The major players remain the incumbent wirehouse brokers and, increasingly, the large discount and direct brands, like Schwab, Vanguard, and Fidelity. While the wirehouse position is large and entrenched, the trend to independence is growing — in fact, the smarter brokerages are building fee-based and “independent” characteristics into their offerings. But over the near term, we can see continued growth from discount and direct models, and a proliferation of the trends (robo, alternatives, etc.) being supported by them as well. Schwab and Vanguard’s recent forays into robo are a clear example of this. But in the longer term, I would venture to say that the real winners in the provision of “investment advice” and “asset management” to the masses will be the Apples, Googles, and Facebooks of the world — who have the brand, tech savvy, and consumer trust to expand into the realm of finance.
Is there growth in discretionary vs. non-discretionary assets under management (AUM)?
This question really points at so many underlying issues on advice, fiduciary responsibility, etc. It is important for wealth managers to understand/distinguish for clients what the risk/benefits are here. I have seen significant growth in investors wanting non-discretionary accounts from their advisers. Advisers need to create important dialogue with their clients around this issue.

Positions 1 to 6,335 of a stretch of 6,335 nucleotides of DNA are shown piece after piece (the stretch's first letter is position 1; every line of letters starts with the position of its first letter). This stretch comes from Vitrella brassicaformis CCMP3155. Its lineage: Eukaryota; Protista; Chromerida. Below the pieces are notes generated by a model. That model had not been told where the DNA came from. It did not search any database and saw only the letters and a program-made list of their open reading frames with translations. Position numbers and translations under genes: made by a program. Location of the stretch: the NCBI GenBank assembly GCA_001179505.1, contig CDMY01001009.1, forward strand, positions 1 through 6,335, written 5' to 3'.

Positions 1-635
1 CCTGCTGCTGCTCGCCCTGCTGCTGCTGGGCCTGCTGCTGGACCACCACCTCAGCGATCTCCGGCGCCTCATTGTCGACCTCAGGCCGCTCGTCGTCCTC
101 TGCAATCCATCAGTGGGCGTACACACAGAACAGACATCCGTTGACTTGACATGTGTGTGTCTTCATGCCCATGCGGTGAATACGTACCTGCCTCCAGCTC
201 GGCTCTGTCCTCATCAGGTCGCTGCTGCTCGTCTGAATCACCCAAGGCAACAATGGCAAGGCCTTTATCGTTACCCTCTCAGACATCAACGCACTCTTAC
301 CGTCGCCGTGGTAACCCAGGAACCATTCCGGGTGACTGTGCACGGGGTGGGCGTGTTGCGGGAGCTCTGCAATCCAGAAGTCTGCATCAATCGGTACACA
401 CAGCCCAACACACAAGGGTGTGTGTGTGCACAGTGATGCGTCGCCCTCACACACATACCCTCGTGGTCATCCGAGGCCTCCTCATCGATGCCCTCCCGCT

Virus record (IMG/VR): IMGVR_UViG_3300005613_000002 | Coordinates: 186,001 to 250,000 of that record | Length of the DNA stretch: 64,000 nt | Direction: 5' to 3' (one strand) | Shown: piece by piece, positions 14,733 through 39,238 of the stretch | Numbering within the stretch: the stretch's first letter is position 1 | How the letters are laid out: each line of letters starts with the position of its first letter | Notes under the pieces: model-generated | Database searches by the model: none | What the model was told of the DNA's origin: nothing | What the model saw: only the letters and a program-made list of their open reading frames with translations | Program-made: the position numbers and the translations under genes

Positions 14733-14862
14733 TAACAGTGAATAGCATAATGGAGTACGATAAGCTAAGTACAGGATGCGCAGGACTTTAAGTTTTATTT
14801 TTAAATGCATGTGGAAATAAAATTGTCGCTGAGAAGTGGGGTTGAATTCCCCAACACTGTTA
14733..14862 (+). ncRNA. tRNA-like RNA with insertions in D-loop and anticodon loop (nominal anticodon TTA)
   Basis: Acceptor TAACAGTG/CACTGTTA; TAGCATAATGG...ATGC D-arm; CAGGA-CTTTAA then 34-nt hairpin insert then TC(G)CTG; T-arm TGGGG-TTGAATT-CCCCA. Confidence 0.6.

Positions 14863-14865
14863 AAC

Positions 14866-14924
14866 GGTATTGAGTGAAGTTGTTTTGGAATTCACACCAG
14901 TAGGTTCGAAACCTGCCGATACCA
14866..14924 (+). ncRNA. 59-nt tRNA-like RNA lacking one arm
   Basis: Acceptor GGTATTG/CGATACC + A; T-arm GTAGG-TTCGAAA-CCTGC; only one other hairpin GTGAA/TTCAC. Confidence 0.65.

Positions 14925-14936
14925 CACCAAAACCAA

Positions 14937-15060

Broadly speaking, what types of assets are advisers managing for high-net-worth (HNW) clients?
Today’s HNW investor has an eye for “doing good while doing well,” so impact investments are important and are passions of HNW investors. Many advisers need to learn more about the alternatives marketplace, including the new platforms that allow HNW/accredited investors to directly access deals without using advisers. Also, new digital investments like bitcoin are popular among today’s HNW individuals. Advisers must continually be ahead of their clients instead of lagging behind.
Based on what you’ve heard and where you sit, what types of analytic tools do you think would be beneficial? What are the “critical” needs?
The types of analytic tools today are simply a precursor to what will be available in the future. Advisers who make investments in fintech, especially client-facing ones, will be well-positioned for their future clients. Reporting software, graphical user interfaces, mobile devices, even 3-D printing, will enable wealth managers to communicate complex portfolios to HNW clients with compromised attention spans. Advisers need to “up” their tech game and be informed of tools that will enhance their ability to communicate with clients and future clients.
The 2015 CFA Institute Wealth Management Conference, which is open to CFA Institute members and non-members, will be held in New Orleans, Louisiana, on 4–5 March.
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All posts are the opinion of the author. As such, they should not be construed as investment advice, nor do the opinions expressed necessarily reflect the views of CFA Institute or the author’s employer.